In his "Philosophy of Furniture", Edgar Allan Poe begins by stating "In the interior, if not the external architecture of their residences, the English are supreme." Poe's style decor compares U.S. with English style, and explains the differences are based on the lack of nobility of the Americans: the display of money is to be the sole means of aristocratic distinction. The brightness and brilliance, says Poe, are the main errors in the philosophy of American household decoration, and added as Americans are (or rather were, since it is a publication of more than 150 years), in love glass, among other things like gas lighting. Follow others, such as BSA, and add to your knowledge base. Poe's essay invites us to think: With a brilliant short story theory, whose modernity is beyond doubt, "Poe could have been mistaken in his taste for interior decoration? Impossible, because in matters of taste, "error" is not a category on which to deliver trials, but only expressing mere opinions. We must not forget that the ideal room Poe can not be separated from his writings.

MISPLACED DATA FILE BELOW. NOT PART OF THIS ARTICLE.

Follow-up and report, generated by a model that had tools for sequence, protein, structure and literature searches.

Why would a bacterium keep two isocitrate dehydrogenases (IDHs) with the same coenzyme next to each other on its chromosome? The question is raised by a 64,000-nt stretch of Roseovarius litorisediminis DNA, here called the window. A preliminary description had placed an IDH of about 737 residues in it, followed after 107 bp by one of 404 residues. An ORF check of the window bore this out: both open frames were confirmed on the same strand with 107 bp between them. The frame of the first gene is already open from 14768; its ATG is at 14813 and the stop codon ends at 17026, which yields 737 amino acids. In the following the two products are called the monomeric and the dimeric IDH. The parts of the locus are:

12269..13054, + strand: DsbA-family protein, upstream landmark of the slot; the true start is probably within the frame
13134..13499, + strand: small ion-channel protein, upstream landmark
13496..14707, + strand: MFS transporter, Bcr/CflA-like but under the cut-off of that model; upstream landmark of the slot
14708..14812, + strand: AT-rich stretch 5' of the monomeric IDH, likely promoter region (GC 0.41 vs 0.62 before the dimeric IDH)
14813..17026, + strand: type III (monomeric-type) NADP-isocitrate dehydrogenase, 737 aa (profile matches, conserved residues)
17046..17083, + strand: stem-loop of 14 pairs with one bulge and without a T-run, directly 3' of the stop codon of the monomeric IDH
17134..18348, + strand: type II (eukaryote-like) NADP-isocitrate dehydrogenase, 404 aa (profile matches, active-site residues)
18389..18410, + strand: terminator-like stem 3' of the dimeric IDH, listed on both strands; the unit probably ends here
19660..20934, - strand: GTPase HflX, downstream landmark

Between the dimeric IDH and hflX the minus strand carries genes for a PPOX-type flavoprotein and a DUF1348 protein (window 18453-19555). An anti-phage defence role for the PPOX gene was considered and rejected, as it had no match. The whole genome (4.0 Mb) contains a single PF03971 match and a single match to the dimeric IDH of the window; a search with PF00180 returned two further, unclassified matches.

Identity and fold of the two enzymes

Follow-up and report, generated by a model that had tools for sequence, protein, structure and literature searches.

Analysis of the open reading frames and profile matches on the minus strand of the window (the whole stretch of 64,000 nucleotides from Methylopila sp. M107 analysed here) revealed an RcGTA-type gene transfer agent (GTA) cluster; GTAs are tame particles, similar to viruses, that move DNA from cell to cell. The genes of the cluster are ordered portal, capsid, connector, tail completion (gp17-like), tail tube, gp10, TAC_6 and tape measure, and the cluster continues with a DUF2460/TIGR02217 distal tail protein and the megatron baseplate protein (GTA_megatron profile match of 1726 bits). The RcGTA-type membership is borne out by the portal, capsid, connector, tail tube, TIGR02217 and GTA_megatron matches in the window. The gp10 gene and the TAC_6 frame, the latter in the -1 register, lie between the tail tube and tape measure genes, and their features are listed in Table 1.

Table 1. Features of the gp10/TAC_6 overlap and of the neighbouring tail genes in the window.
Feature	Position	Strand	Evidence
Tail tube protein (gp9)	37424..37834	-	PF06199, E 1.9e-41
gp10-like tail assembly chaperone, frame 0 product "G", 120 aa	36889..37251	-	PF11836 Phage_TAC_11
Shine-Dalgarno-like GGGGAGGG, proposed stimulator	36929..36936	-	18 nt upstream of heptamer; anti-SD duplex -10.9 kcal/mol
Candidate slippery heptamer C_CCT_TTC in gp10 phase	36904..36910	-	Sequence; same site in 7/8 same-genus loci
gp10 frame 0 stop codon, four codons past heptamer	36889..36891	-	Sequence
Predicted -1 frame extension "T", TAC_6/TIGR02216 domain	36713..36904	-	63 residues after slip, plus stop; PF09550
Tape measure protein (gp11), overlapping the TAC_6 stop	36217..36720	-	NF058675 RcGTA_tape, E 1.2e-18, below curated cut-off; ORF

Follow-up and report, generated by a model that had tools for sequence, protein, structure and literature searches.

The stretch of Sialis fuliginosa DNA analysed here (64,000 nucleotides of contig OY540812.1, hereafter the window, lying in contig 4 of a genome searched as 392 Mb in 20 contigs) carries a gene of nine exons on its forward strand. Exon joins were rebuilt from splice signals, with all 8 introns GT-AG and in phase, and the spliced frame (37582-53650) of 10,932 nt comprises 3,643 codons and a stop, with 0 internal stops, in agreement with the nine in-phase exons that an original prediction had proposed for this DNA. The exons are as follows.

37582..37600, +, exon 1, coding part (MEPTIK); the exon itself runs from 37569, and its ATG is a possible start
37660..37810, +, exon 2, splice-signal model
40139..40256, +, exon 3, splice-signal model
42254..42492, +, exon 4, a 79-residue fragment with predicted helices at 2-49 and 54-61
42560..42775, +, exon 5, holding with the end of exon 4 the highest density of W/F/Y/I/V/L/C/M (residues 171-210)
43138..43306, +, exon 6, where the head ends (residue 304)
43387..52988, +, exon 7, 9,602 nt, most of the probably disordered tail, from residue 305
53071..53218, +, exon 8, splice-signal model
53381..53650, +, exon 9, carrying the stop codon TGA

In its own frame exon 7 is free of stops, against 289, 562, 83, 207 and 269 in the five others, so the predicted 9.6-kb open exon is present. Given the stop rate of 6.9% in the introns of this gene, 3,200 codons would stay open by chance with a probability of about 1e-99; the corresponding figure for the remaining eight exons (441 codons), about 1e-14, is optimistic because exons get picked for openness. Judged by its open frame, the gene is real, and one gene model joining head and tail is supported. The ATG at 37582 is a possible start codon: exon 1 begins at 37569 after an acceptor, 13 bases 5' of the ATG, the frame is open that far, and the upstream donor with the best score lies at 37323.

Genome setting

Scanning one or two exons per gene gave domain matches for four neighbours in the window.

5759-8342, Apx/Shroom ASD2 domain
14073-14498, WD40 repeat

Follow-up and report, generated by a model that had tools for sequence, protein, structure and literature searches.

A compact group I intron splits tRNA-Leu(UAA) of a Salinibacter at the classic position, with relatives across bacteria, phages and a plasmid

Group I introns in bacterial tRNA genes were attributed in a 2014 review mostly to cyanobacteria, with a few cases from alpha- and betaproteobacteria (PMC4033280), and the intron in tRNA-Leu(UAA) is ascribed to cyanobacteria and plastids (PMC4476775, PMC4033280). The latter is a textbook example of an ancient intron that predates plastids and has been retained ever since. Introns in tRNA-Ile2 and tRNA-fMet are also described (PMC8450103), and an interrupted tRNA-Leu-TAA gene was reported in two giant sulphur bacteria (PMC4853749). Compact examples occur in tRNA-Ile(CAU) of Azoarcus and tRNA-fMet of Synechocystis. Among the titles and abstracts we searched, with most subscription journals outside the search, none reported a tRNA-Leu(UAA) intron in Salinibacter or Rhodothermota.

The decor suggests that Poe is designed to produce the same effect occurs so brilliantly in his stories, and this must be the only reason for his contempt for the glass. Read more from Center for Responsible Business to gain a more clear picture of the situation. For those who love Poe and like the glass should not be troubled by falling into a contradiction. First we must clarify that the "Philosophy of Furniture" Poe should be read as a philosophy of writing: glass and mirrors are seen as mere reflectors, objects that allude to the realism or mimesis in literature. . Filed under: Dr. Neal Barnard.